Pardner, my hair raised, I tell you. Then I raised the boys, an' we tried to think who it was as had done the deed. The other boys was a whisperin' together an' glancing at me, an' I knew they'd suspicioned me, an' I knew they'd hang me up in a minnit if the suspicion took fair holt, an' I said, 'None of that, boys,' then I told them as how it was about my wakin'up, goin' to the spring, an' about the elk; an' they went out an' found 'twas so; then we suspicioned her feller, the Frenchman, an' we got him out an' told him to fess up, as he must pass in his checks; but he said he was innocent, an' as how he thought lots about her.
In the mornin' we took him out to a fir tree near where the woman is buried, an' we strung him up, an' then let him down again; but he stuck to it that he was innocent, an' we strung him up three times, stranger, but he still stuck to it that he was innocent, an' we let him go.
No one ever knew for certain who killed the Frenchwoman, but we always suspicioned her feller. Well, the sheriff came down, an' he found $8,000 in dust an' money hid away in her fireplace ‑ they have got it boarded up now ‑ an' he said she had as much more in the bank at Helena.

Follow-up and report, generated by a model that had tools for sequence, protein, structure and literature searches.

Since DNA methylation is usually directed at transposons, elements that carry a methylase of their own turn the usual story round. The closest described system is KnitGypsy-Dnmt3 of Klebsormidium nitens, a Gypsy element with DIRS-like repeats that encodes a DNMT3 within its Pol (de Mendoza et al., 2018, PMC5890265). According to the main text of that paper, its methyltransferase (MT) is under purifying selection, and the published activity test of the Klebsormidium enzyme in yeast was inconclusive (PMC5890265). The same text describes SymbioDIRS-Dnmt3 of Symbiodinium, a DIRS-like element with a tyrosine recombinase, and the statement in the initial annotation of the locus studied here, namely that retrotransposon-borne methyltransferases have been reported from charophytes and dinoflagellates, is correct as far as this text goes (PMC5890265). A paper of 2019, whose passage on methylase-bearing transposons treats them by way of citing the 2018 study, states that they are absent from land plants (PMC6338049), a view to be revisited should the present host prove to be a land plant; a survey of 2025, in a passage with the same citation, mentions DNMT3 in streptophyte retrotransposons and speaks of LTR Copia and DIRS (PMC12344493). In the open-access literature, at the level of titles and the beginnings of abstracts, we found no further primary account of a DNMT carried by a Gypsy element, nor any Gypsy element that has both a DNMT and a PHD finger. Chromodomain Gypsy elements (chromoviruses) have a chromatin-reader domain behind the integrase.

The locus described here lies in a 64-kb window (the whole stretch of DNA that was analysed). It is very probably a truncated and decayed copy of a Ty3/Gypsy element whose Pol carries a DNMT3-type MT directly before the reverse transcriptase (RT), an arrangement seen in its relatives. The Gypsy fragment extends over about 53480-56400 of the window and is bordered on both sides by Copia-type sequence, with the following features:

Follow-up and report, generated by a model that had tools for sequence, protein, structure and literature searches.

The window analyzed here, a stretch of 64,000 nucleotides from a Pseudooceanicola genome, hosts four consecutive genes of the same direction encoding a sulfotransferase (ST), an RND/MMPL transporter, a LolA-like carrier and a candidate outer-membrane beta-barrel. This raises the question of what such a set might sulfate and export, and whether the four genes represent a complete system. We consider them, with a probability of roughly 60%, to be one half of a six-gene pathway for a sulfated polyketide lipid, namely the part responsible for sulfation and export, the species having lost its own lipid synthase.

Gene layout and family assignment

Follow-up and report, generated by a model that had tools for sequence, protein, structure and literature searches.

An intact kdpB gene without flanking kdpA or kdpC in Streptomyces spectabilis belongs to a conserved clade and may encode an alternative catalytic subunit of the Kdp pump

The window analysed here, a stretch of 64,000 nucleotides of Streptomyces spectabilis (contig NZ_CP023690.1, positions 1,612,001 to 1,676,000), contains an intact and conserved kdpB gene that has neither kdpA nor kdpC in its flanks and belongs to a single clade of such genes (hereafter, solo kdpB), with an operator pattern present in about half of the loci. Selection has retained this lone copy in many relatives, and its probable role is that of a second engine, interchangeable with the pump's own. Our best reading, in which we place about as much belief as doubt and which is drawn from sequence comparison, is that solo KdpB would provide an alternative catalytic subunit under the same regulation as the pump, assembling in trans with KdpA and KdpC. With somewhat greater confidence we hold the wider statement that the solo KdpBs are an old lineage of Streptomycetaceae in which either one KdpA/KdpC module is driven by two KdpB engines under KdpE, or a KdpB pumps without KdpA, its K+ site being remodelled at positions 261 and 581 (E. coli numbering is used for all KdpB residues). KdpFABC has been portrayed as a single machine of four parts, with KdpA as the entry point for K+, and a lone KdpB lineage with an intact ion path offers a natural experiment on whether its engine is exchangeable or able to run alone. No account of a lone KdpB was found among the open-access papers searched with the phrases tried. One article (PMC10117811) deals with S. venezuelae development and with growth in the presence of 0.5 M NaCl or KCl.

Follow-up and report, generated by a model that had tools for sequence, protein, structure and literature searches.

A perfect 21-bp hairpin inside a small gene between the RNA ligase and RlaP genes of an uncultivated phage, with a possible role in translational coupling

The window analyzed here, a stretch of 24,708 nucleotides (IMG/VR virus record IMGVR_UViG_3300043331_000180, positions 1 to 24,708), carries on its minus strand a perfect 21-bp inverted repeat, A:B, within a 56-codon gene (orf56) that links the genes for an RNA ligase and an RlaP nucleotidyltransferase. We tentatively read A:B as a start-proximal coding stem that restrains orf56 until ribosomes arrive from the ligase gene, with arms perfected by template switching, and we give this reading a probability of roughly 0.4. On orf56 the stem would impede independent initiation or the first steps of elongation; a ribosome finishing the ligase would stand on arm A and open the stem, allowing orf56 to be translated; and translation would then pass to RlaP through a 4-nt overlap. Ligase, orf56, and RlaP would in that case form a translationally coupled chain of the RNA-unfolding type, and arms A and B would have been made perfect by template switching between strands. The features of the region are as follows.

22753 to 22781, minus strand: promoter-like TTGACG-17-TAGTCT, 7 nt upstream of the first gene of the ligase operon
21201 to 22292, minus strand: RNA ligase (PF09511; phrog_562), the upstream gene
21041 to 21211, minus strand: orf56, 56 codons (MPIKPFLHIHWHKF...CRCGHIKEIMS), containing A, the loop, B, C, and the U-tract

But we buried her near the fir tree where we had strung up her feller, an' put a little fence around to keep off the coyotes, an' there she is yet, an' so is the tree an' the fence. And that's why I hate to put up there, stranger."
From the Daily Herald of September 24
EXAMINATION OF GEO. M. PINNEY FOR SHOOTING COL. S.W. BEALL
Before U.S. Commissioner Corneilus Hedges
George M. Pinney was brought before U.S. Commissioner Corneilus Hedges, at the Court House in this city, at 10 o'clock today.
.... Neal Howie, U.S. Marshal, was called - Was passing by the office of the Montana Post at about 2 o'clock p.m., on Friday last. Heard two shots. Jumped from my buggy and rushed in. Found a person lying on the floor, who proved to be Gov. Beall. Saw a mark of blood on his eye-brow, and tho't first he was hurt there, but found he was shot in the cheek.
.... He(Pinney) told me he was writing in his office. Heard Col. Beall's voice, and looked up. Saw Mr. Beall, who asked him to .... leave the room with him. Pinney said he told him he would not go. Col. Beall then drew a pistol and placed it behind him. .... Beall then threw his hand towards him (Pinney) with the pistol. Pinney jumped on one side, and drew his revolver. Went towards corner counter. Beall came towards him, and it became a dodging game. Pinney's pistol snapped and he thought he was gone. He fired twice, and Beall fell.